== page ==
Folklore, Cryptozoology, and Mythology Books for Sale

The following is a continuously edited list of books about folklore, cryptids, and mythology which I have edited and released. All links are to Amazon, where I have self published my works.

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A fine work by Baring-Gould on lycanthropes, cannibalism, and berserkers. 

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Shepard’s great work on the history, symbolism, and legend of the unicorn.

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An interesting folkloric look at the use of horse shoes, salt, and animals in superstition.

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An extremely good look at Chinese, Hindu, and European dragon lore.

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A good compilation of history and folklore related to Halloween and its prior counterparts.

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A good look at the witch trials, cryptids, and ritual magick by Rydberg.

Short Update Re: Ebooks

It’s time for a short announcement for several important pieces of information for my readers here.

1. I have transferred the files and information for the last 20ish works I have released to kdp. Soon they will be available on kindle as ebooks. I tend to drag my heels for months at a time on such things (because I myself do not like ebooks and tablets, I want physical copies of literary works) and then do them in spurts like this. This includes works like “The Piasa”, “The Roman Index of Forbidden Books”, and “Is the Devil a Myth?” among others.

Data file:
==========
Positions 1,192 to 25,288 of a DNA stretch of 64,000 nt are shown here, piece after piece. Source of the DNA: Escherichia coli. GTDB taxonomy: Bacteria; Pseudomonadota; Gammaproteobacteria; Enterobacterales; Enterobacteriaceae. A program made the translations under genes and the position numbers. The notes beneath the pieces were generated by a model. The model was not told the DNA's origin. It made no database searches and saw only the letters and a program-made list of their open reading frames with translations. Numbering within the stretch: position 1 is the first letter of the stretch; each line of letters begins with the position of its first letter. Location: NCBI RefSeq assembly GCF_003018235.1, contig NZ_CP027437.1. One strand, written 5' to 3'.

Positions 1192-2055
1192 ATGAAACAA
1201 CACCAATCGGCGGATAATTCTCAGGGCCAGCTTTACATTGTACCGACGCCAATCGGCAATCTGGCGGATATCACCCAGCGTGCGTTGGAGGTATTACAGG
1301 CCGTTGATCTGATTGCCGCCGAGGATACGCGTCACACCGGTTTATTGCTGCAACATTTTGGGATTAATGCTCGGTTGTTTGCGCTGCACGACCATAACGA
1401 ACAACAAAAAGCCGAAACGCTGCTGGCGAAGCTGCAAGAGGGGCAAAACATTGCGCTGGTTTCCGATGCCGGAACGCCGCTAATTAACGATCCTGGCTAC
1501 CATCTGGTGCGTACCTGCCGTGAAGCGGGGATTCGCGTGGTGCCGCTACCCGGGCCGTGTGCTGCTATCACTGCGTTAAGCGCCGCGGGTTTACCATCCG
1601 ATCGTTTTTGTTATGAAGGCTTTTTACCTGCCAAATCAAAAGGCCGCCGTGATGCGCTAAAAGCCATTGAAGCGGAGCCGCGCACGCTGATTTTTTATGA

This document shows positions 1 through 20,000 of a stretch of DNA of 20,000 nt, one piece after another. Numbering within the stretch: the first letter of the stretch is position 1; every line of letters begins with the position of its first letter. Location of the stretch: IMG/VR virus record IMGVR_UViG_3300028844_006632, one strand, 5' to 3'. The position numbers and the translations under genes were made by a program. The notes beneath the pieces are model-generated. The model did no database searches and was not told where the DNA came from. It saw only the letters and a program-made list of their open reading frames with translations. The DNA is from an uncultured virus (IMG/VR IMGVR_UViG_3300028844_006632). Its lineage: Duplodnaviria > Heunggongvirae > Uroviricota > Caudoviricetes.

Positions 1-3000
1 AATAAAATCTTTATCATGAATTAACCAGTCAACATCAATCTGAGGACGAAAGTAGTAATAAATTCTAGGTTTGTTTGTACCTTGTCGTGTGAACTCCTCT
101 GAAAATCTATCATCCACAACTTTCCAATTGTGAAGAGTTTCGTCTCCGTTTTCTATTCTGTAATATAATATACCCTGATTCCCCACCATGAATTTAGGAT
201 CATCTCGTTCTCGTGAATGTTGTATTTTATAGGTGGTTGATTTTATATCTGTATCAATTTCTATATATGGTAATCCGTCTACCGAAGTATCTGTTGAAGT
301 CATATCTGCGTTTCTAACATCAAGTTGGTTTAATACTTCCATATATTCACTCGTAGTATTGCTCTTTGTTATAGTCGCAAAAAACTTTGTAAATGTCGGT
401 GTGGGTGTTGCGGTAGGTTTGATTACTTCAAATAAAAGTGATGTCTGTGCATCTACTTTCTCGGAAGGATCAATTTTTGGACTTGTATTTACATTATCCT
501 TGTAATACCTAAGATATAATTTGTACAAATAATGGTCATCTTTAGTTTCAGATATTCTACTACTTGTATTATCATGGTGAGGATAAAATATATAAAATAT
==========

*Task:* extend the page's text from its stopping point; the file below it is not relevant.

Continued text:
2. Soon I will add links for both paperback and ebook copies to the category lists. For a few titles there will be no ebook because kindle’s platform has slightly different terms of service from Createspace for paperback works.

3. I have obtained a dozen new works to work on; some titles on alchemy, a few psychic works, and some mesmerism and other pseudoscience.

4. The tenth category will soon be added; “Folklore, Mythology, and Cryptozoology.” A new “Mysticism and Spirituality” category will absorb some works from other categories and replace the folk magic category.

General Update For July

As of right now I am juggling several good projects; Puckle’s “Funeral Customs” is first on the list, rapidly approaching completion, and will be available probably within a week, indeed possibly two or three more days if I continue editing at the rate I have been for some time.

I have obtained several new works that fit within the herbal and homeopathic category; I still have the South Sea Herbal to work on as well, so that makes three more entries within that category for the fairly near future; one is a longer work, the South Sea Herbal is rather short, and another that is about 60 pages in length, a simple hand guide to some herbal species.

The tenth category to be added to this blog (specifically for cryptids and folklore) will be made subsequent to the next title being finished that will fit into the same category. I may eliminate the folk magic category and create a new one specifically for mysticism which requires shuffling a few titles around as well- into that category will go works like the Sepher Bahir, along with a few works currently in the Divination category which are more spiritual as opposed to some of the routine fortune-telling titles.